Shock Synthesis of Organic Molecules by Meteoroids in the Atmosphere of Titan

By Keith Cowing
Press Release
July 21, 2023
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Shock Synthesis of Organic Molecules by Meteoroids in the Atmosphere of Titan
Energy deposition E0 in J m−1 for individual meteoroids of a given mass descending through Titan’s atmosphere. The inversion at lower altitudes occurs as the particles begin to both decelerate and lose mass, resulting in a decreasing amount of energy being deposited. — astro-ph.EP

Thermochemical modeling and shock-tube experiments show that shocks applied to N2/CH4 gas mixtures can synthesize organic molecules. Sufficiently large, hypersonic meteoroids entering the atmosphere of Saturn’s moon Titan should therefore drive organic chemistry.

To do so meteoroids must be sufficiently large compared to the atmospheric mean free path at a given altitude to generate shocks, and deposit enough energy per path length to produce temperatures high enough to excite and dissociate the relevant molecules. The Cassini spacecraft imaged multiple meteoroid impacts on Saturn’s rings, allowing for the first time an empirical estimate to be made of the flux and size-frequency distributions of meteoroids in the millimeter-to-meter size range.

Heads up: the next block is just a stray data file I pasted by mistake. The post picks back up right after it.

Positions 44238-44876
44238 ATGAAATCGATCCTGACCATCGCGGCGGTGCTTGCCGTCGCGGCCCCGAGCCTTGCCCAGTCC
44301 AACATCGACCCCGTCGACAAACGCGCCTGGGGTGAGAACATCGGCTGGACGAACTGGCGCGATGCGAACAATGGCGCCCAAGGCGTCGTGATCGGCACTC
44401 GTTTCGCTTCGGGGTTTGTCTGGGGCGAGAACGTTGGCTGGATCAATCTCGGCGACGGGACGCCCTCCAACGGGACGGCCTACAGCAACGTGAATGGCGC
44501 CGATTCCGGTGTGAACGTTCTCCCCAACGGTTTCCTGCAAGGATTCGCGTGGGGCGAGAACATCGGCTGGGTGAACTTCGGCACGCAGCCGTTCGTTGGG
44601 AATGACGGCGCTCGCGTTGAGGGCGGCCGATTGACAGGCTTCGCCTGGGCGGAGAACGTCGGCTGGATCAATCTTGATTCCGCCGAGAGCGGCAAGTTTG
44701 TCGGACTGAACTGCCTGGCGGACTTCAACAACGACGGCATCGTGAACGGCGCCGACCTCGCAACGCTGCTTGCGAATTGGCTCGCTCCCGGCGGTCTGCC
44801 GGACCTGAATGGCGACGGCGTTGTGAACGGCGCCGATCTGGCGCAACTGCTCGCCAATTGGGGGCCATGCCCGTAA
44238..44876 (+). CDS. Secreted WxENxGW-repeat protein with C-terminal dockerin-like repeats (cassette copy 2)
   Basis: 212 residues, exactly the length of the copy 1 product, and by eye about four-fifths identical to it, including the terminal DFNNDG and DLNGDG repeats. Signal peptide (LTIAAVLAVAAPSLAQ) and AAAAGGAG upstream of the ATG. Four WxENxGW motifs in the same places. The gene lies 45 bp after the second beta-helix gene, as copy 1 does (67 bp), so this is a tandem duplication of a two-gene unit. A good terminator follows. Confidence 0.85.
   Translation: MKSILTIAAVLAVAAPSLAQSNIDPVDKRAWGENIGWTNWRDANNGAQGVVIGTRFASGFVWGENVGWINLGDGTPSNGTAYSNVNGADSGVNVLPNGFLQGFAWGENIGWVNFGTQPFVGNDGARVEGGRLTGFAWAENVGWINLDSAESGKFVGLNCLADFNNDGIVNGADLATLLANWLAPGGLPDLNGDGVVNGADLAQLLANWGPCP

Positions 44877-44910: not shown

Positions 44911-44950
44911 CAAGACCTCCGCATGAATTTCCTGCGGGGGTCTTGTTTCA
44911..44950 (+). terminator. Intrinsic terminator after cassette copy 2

We combine these results with an atmospheric entry model and thermochemical and experimental shock production efficiencies for N2/CH4 atmospheres and calculate the shock production rates for HCN, C2H2, and C2H4 as well as the resulting H2 generation. We find that meteoroids may be producing these molecules at as much as ∼1% the production rate of photochemistry driven by UV photons, and may be depositing more energy than magnetospheric ions and 90-100 nm UV photons.

Moreover, these meteoroids produce these organic molecules hundreds of kilometers lower in Titan’s atmosphere than the relevant UV photons and magnetospheric ions penetrate, with peak production occurring between 200 and 500 km altitudes, i.e., at the observed haze layer. Meteoroid-driven shock generation of molecules may therefore be crucial to understanding Titan’s atmospheric chemistry.

Erin E. Flowers, Christopher F. Chyba

Comments: 12 pages, 6 figures
Subjects: Earth and Planetary Astrophysics (astro-ph.EP)
Cite as: arXiv:2307.10293 [astro-ph.EP] (or arXiv:2307.10293v1 [astro-ph.EP] for this version)
Journal reference: Planet. Sci. J. 4 (2023) 127
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Submission history
From: Erin Flowers
[v1] Tue, 18 Jul 2023 14:43:39 UTC (801 KB)

Explorers Club Fellow, ex-NASA Space Station Payload manager/space biologist, Away Teams, Journalist, Lapsed climber, Synaesthete, Na’Vi-Jedi-Freman-Buddhist-mix, ASL, Devon Island and Everest Base Camp veteran, (he/him) 🖖🏻